In the daily barrage of linkage there is a place for the sub-sifters, to slow things down by a close examination of one link. But the flow is often too compelling - I wish I could restrict myself to one link a day. Maybe in my next blog life.
Posted by boynton at December 15, 2004 02:14 PM

Boy do I get guilty about this. Particularly when I arrive on a site and find a little bunch of things I really like.

But then I am chuffed when someone picks it up from me. As long as we all acknowledge the Great Chain of Blogger Being.

My particular snarly fetish is labelling pictures. I really really want to know where things come from. And I really really don't want to twist the use of something, unless they are engaged in the public political debate. How would you like the face of your adorable tot arriving anonymously on some Alaskan site labelled as Uglikid of the week? You only have to break the chain once, and the thing is anonymous from that time on.
Posted by David Tiley at January 14, 2005 02:52 PM

ps - I will even email people to say I have done it, if I think the pic is fabulous; I have yet to get a reply so I think the email addresses on websites are generally garbage.

Or maybe they are so convulsed with rage they can't touch the keyboard.
Posted by David Tiley at January 14, 2005 02:54 PM

I hope I'm not guilty of this, eg. via Goggle Image Search, which tends to present everything as a sort of open source, decontextualised pixel farm ripe for twisting into hotlinked collages.

(btw have you seen Google Montage?)

There is some attraction (as well as ease) in viewing the web as dynamic found data, though I must say I wouldn't want to see an image of my late labarador on an Alaskan ugly dog site.
The bluey is fair game.

To be more serious - maybe there is a (fine but definite) line to be observed (voluntarily) in appropriation/co-option.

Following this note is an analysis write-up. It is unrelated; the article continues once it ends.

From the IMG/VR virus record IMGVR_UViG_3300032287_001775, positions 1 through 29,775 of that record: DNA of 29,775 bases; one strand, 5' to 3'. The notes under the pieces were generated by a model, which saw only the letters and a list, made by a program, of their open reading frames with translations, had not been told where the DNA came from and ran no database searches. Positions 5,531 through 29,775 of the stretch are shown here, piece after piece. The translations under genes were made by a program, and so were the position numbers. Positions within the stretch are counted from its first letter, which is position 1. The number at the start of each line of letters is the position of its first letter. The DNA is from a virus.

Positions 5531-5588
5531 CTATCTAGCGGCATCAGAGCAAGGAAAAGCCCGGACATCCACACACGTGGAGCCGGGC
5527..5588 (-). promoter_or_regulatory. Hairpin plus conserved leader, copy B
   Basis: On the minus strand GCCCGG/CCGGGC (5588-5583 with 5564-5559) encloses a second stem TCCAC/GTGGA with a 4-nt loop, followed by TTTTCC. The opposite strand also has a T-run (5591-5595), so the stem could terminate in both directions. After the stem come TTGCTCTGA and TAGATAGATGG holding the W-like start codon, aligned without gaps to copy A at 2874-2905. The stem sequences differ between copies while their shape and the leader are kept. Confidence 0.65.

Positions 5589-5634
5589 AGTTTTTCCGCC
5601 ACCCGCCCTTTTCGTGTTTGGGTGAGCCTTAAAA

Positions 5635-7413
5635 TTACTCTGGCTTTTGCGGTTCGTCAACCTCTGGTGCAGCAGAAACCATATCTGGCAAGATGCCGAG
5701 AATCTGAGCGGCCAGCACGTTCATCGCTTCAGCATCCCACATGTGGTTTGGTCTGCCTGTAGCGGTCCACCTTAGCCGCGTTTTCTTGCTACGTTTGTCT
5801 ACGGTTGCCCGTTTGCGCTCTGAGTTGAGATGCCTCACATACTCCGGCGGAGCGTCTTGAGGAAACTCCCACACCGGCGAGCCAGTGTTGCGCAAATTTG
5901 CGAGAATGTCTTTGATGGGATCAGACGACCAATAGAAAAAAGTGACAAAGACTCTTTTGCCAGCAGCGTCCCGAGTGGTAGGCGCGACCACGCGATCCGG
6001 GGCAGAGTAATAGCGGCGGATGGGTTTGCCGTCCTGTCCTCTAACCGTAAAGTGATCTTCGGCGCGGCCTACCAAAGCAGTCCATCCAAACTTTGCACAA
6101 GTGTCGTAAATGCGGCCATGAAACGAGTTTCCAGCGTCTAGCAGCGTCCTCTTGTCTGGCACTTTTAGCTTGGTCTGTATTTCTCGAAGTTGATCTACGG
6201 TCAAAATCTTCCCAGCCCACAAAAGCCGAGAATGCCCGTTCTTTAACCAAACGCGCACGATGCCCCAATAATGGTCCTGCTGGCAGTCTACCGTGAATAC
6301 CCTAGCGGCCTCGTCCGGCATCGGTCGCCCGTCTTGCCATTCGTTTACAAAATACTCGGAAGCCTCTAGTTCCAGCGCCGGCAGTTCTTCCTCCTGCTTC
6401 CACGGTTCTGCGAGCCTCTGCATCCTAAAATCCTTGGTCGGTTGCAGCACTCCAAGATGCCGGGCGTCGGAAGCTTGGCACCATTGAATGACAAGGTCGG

Posted by boynton at January 14, 2005 06:56 PM

Thursday, December 09, 2004


Communicate with machines via whistles
What looks at first like a simple process becomes ever more interesting, a technical mocking bird that’s either mimicking or earnestly trying to communicate.
(via snarkout)

Bird Songs and Training Records at The Online Guide to Whistling Records

Comments: whistling

I wanna hear what happens when you put two Univeral Whistling Machines together.
Posted by Nabakov at December 12, 2004 08:26 AM

something like this?
Posted by boynton at December 12, 2004 11:47 AM

Wednesday, December 08, 2004

strange streaks

thanks to dirty beloved for the alert. A Strange Streak Imaged in Australia

So what is it? Nobody is sure...

or ¿ It could very well be a hair/dust on the lens.

Not related: The other night reclining in the loungeroom I got a fright when something in the mid-suburban sky, not a plane, whizzed by at a strange angle. For an atomic split second of science fiction was it a missile or a martian? The reports of barking dogs in the neighbourhood made me realise there were general fireworks afoot, and this phenomenon merely a rogue cracker. Flo, the tough blue heeler, was also shaken, ran for shelter under tables and knees and needed extra calming.